China, Canada sign agricultural trade partnership that aims to provide long-term, stable, predictable market access for Canadian wheat, barley, soybeans to China
June 14, 2013
– During his most recent trade mission to Hong Kong and China, Agriculture Minister Gerry Ritz highlighted the mutual benefit of stronger agricultural and trade ties between the region and Canada in meetings with government officials, investors and industry.
"Our Government is committed to working with our trading partners from Hong Kong and China, to generate economic growth and prosperity on both sides of the Pacific," said Minister Ritz. "We continue to strengthen our agricultural trade ties, building on longstanding collaboration built with our Hong Kong and Chinese partners over many years".
China is a rapidly growing market for Canadian farmers with export sales of agricultural products to China worth 5 billion in 2012 and Minister Ritz reiterated Canada's commitment to doubling bilateral trade by 2015. In 2012, Hong Kong was Canada's fifth largest agri-food export market with agriculture and agri-food products totalling 753 million, representing an increase of 26% over 2011.
In Beijing, Minister Ritz met with his counterparts from the Ministry of Agriculture and from China's General Administration of Quality Supervision, Inspection and Quarantine.The two governments discussed next steps on a commitment to increase exports of Canadian beef and tallow to China. According to Canada Beef Inc., the Chinese market for Canadian beef and tallow is expected to be worth 110 million once full market access is achieved. China imported over 10 million of deboned Canadian beef in 2012.
Minister Ritz signed two agreements with his Chinese counterparts, including a Memorandum of Understanding (MOU) to establish an animal health working group. He also signed a second agreement on Grains and Oilseeds that aims to provide long-term, stable and predictable market access for Canadian wheat, barley and soybeans to China. To minimize the risks of trade disruptions and contribute to global food security goals, China has also approved a number of new genetically engineered crop applications that are essential to continue to foster innovation in both Canada and China. Minister Ritz also witnessed the signing of another MOU between the Canadian International Grains Institute and Wilmar, a Chinese agribusiness group interested in buying Canadian wheat and pulses.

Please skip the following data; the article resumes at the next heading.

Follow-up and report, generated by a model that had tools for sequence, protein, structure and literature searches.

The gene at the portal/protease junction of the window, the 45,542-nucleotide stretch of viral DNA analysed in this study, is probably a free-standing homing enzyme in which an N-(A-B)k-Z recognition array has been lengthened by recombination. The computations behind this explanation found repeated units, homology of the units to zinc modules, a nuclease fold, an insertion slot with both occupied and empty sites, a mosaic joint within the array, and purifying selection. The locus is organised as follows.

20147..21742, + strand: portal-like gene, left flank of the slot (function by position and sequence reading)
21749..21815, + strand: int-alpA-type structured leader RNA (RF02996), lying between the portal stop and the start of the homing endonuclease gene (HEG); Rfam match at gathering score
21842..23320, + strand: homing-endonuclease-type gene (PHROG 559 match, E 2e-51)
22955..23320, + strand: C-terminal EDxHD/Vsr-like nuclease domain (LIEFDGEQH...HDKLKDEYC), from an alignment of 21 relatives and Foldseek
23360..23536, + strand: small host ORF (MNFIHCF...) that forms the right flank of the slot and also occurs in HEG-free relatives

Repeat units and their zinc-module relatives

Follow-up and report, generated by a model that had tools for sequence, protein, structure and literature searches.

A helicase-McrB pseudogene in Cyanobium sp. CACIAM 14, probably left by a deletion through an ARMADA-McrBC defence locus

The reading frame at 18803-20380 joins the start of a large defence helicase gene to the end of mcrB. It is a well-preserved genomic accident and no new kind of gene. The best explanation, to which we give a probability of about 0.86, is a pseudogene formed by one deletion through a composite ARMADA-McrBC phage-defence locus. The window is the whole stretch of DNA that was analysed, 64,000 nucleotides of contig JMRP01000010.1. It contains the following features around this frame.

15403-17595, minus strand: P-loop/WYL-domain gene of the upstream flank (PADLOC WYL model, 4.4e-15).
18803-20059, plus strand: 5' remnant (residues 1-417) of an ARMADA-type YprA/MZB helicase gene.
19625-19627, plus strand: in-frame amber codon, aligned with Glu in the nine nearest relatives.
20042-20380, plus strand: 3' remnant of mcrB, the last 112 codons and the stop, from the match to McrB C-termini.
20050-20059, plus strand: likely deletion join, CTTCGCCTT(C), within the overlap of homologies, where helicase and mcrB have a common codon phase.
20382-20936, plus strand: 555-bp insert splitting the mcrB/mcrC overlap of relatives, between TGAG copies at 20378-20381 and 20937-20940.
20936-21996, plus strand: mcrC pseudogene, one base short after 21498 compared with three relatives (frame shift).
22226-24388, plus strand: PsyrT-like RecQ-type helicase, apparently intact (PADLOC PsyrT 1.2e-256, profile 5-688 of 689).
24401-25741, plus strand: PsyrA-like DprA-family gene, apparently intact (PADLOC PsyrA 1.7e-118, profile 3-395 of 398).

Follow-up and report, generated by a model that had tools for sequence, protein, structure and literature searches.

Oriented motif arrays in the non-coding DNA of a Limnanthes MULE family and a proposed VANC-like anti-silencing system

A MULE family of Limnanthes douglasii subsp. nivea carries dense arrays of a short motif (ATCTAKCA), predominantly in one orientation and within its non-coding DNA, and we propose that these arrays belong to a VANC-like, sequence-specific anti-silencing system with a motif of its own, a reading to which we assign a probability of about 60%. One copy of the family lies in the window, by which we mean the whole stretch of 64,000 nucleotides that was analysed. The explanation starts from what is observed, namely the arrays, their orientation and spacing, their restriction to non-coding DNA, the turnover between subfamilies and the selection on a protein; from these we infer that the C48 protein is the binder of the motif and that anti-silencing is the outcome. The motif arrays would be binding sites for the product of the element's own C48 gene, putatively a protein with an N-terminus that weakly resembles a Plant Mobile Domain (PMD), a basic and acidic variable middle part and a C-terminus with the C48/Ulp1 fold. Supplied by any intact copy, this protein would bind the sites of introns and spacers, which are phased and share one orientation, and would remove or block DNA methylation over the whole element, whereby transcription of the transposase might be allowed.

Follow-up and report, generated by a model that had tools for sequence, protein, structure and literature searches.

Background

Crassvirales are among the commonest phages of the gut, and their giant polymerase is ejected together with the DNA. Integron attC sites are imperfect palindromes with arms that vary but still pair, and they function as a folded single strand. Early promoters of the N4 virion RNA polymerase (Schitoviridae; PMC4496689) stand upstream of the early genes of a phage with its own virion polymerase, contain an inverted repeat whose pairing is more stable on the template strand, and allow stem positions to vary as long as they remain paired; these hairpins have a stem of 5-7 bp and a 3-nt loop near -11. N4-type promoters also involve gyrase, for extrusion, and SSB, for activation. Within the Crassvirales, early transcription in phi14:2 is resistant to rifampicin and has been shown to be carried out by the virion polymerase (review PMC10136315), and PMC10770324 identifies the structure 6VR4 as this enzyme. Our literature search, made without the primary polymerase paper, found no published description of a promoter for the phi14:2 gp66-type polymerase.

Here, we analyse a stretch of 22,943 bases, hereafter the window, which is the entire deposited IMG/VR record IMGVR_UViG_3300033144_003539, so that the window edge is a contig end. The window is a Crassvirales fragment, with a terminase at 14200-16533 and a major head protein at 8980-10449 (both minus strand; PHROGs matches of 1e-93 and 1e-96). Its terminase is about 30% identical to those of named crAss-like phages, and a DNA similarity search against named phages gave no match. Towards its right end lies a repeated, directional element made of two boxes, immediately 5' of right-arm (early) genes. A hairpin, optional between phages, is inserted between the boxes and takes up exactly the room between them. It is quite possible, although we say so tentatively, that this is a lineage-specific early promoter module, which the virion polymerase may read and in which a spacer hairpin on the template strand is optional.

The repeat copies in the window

In Hong Kong, Minister Ritz met with his counterpart, industry and investors to discuss sales opportunities for Canadian products and attended promotional events to raise the demand for Canada's high-quality agricultural products which will provide additional export opportunities for Canadian businesses. These events were attended by Canadian industry, media, importers, retailers and investors with the goal of raising Canadas profile and increasing the demand for Canadian agricultural products.
Minister Ritz was pleased to report success on new market access for fresh cherry exports from British Columbia to China. The BC Cherry Association estimates that by 2014, the sales value of fresh cherries to China will be 10 million, increasing to 20 million over the next 5 years. British Columbia's fresh blueberry market access was also raised, with a commitment to reach an agreement by 2014.
These announcements are examples of what is being accomplished to enhance competitiveness and long-term growth in Canadian agriculture - priorities under the Growing Forward (GF 2) policy framework. In addition to multi-year funding for risk management programs, GF 2 includes 3 billion in strategic initiatives for innovation, competitiveness and market development.
Under (GF 2), in response to industry's requests, Agriculture and Agri-Food Canada expanded the number of flagship trade shows we support with a new focus on expanding Canada's presence in Asian markets.